Enforcement Notices: Clarity Is Key

09 Feb 2023

Planning and Environment

Sam Fowles, acting for the Cee Cee Partnership, has succeeded in overturning an enforcement notice issued against a residential development in South London.

The Case

In 2016 the LPA granted the developer permission to construct a single-story “annexe” extension to a two-story mews house in South London. The permission contained a condition that the annexe must be only used as ancillary to the mews house. In September 2020, the LPA issued an enforcement notice alleging two unlawful changes of use: (1) the mews house had been converted from a single live/work space to two residential flats (upper floor and lower floor) and (2) the annexe was in use as a single residential flat, separate from the mews house.

The developer appealed the notice, and the appeal was refused. The developer (instructing Fowles) challenged the refusal by statutory review, and the High Court set the Inspector’s decision aside (a full account of this matter can be found here). The High Court remitted the matter to the Planning Inspectorate for re-determination, and the Inspector ordered a new hearing.

Shortly before the hearing, the LPA conceded that the upper and lower floors had been in separate use since around 2000 and agreed not to defend the first alleged breach of planning control. The hearing focused on evidential issues, with legal matters dealt with subsequently by written representations. The Inspector accepted Fowles’ argument that the notice was nonsensical in light of the LPA’s concession. The red-line plan encompassed the entirety of the mews house and garden. At the same time, the alleged breach of planning control was limited to a small part of that area. As the Inspector reasoned:

Both parties refer to the development as a material change of use of the land, but neither states what the previous use was. Whilst there is no requirement to do so in the description, it would be unclear whether the notice alleged the single-storey building was only ever used as a dwellinghouse in this case. Under those circumstances, no material change of use of the single-storey building (the act of development) would have occurred. The description would have to be phrased differently regarding the description of the development granted permission in 2015. Also, stating the material change of use of the land raises a question as to the lawfulness of the new building in view of the permission. 

Alternatively, a reason for issuing the notice states that the use of the single-storey side extension/annexe as a self-contained residential unit is contrary to condition 6 of the 2015 permission. The breach would then appear to be within paragraph (b) of section 171A(1) of the 1990 Act, “failing to comply with any condition or limitation subject to which planning permission has been granted.” This approach would require the development to have permission for this to be carried out. The land would not be confined to the plot adjacent to the principal building.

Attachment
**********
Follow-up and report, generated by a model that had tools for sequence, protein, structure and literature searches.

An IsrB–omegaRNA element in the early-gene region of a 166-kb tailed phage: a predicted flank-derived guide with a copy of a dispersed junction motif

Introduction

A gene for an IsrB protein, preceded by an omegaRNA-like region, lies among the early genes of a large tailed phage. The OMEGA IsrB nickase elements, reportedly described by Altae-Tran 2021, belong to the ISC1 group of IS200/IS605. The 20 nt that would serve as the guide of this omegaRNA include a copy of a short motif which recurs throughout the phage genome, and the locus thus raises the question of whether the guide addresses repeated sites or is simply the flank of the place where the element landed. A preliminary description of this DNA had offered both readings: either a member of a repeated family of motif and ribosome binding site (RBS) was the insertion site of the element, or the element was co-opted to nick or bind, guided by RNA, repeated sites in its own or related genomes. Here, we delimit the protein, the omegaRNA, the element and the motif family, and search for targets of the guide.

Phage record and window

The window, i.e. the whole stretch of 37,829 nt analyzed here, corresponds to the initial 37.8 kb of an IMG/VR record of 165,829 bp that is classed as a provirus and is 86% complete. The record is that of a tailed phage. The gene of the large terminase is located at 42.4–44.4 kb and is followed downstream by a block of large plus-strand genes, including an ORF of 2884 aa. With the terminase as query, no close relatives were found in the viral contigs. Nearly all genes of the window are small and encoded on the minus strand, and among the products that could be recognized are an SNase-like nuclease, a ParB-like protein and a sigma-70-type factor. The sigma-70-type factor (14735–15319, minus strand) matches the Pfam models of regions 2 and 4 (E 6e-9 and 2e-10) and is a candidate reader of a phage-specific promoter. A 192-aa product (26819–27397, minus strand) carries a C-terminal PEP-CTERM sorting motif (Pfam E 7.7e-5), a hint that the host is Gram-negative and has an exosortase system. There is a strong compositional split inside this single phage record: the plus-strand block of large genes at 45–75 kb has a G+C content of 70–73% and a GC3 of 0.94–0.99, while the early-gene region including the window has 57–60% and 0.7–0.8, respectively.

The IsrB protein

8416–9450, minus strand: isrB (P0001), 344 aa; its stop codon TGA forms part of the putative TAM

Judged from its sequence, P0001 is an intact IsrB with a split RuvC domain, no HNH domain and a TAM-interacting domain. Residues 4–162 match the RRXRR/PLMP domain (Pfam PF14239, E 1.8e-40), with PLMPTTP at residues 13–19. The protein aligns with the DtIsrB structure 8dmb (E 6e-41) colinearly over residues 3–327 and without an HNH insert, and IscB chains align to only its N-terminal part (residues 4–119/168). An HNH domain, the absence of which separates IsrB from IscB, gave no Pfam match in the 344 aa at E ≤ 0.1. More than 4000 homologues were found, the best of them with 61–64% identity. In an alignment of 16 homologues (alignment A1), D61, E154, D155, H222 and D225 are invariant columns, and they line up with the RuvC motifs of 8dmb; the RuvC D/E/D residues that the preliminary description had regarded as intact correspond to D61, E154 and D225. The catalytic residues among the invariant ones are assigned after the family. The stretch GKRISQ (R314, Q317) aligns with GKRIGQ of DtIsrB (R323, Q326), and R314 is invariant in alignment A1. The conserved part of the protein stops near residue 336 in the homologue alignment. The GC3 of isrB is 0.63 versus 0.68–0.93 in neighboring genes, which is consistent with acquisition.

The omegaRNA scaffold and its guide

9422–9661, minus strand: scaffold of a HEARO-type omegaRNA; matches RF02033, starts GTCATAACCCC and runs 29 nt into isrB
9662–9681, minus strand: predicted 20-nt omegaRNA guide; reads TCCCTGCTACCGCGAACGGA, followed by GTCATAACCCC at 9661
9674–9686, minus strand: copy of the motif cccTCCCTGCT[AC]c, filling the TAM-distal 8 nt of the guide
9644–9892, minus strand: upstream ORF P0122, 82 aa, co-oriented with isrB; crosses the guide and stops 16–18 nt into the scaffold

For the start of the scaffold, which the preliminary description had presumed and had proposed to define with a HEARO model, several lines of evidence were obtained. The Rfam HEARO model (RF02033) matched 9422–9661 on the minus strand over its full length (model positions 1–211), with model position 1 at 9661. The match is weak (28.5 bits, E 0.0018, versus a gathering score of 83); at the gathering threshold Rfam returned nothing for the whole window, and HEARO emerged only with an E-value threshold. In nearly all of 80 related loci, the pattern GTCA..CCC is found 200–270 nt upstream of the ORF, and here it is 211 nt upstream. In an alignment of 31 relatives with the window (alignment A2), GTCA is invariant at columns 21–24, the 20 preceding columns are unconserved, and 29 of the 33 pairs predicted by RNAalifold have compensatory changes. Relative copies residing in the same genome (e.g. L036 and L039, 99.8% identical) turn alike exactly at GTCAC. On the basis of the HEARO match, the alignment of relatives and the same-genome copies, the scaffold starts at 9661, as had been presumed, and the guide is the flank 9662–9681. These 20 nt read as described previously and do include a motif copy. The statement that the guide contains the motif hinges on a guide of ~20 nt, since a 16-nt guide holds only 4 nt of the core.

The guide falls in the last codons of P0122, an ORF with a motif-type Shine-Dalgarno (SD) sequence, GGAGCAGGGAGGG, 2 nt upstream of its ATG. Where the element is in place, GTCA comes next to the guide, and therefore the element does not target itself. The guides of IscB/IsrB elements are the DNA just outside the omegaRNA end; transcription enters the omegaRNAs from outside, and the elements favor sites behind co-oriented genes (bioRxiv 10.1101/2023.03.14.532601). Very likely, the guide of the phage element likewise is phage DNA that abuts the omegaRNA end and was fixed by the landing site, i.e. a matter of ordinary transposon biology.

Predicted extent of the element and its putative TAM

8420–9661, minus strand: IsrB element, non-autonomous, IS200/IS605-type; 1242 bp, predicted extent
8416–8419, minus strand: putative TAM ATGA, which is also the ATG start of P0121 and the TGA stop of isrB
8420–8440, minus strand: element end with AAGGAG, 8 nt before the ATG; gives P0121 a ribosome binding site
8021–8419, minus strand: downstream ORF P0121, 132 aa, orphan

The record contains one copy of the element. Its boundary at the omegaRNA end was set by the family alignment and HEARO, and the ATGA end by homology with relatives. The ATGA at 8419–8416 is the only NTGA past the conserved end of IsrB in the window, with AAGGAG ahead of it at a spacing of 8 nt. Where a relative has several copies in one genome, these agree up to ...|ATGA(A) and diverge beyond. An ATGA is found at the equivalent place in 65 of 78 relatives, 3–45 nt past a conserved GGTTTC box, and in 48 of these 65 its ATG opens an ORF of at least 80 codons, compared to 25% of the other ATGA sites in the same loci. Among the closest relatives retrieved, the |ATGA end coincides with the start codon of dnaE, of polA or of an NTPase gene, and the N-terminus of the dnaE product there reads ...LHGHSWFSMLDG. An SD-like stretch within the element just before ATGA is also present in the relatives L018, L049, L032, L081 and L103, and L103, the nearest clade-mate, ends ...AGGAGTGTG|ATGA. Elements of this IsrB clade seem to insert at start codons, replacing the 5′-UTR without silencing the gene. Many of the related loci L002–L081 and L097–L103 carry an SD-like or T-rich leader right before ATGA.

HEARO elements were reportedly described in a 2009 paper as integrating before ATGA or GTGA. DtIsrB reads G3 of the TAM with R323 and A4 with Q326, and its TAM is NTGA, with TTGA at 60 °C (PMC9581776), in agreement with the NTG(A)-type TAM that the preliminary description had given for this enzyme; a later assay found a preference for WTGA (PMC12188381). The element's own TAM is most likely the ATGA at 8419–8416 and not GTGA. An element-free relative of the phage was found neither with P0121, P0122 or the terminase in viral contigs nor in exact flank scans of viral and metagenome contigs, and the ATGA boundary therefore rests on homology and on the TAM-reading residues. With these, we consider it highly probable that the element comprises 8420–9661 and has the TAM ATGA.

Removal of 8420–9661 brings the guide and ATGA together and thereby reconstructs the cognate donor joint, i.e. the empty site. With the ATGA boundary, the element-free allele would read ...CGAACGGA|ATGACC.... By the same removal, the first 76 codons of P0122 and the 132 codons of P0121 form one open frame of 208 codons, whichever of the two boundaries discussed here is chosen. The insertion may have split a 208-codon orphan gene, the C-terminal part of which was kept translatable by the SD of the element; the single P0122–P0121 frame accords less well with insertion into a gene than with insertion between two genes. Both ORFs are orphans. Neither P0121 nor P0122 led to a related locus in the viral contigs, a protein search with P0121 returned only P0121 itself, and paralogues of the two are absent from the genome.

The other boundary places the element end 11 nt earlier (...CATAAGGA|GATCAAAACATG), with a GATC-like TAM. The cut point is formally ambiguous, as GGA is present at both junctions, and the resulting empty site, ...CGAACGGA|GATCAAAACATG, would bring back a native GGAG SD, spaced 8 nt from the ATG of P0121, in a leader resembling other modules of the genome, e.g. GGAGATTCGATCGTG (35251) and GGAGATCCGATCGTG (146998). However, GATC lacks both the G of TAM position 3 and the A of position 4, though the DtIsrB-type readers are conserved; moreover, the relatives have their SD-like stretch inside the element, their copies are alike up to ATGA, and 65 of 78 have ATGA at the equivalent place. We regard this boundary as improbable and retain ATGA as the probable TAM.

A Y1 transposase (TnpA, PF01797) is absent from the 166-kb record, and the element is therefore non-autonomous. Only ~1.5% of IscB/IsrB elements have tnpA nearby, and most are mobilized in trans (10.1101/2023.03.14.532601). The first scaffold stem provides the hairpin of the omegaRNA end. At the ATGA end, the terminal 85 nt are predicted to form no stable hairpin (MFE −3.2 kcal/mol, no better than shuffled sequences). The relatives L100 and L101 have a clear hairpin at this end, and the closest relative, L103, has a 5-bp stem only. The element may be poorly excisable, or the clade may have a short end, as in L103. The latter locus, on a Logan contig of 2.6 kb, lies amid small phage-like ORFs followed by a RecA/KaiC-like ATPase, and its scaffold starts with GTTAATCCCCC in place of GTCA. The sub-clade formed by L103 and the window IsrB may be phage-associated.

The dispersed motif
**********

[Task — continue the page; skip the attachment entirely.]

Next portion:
Clearly, the way the description of the alleged breach of planning control is described would affect the definition of the land, the scope and matters to be considered in a ground (c) appeal, the subject of any ground(a)/deemed planning application and the wording of the requirements. 

I conclude that the enforcement notice does not specify with sufficient clarity the alleged breach of planning control in respect of the building known as the single-storey side annexe/extension and the land where the breach of planning control is alleged to have taken place. It is not open to me to correct the error in accordance with my powers under section 176(1)(a) of the 1990 Act as amended since injustice would be caused to the local planning authority and to the appellant were I to do so. 

In light of the Inspector’s analysis, the other grounds of appeal did not fail to be determined.


What may appear to be merely a case of unfortunate drafting, in fact, reveals a more profound danger for LPA’s issuing enforcement notices. In this case, the lack of clarity in drafting the notice was merely a symptom of the lack of transparency in the LPA’s approach. In this case, LPA had evidence that the mews house had been in use as two separate dwellings for more than a decade. Yet it adopted a “prove us wrong” approach, issuing the enforcement notice and then defending it on the basis that the burden of proof lay on the appellant. The LPA did nothing but assert that the appellant had not reached the evidential threshold.

This approach may be a prima facie, attractive one for LPA, but, as this case shows, it can easily backfire. So instead, LPAs issuing enforcement notices are advised to conduct a sufficient investigation and build a positive (and evidenced) theory of the case before issuing any notice. This approach is more in line with what might be expected from responsible public authorities and provides the clarity required to draft a more effective notice and argue a more compelling case should it be challenged.

The Inspector’s full decision can be found here.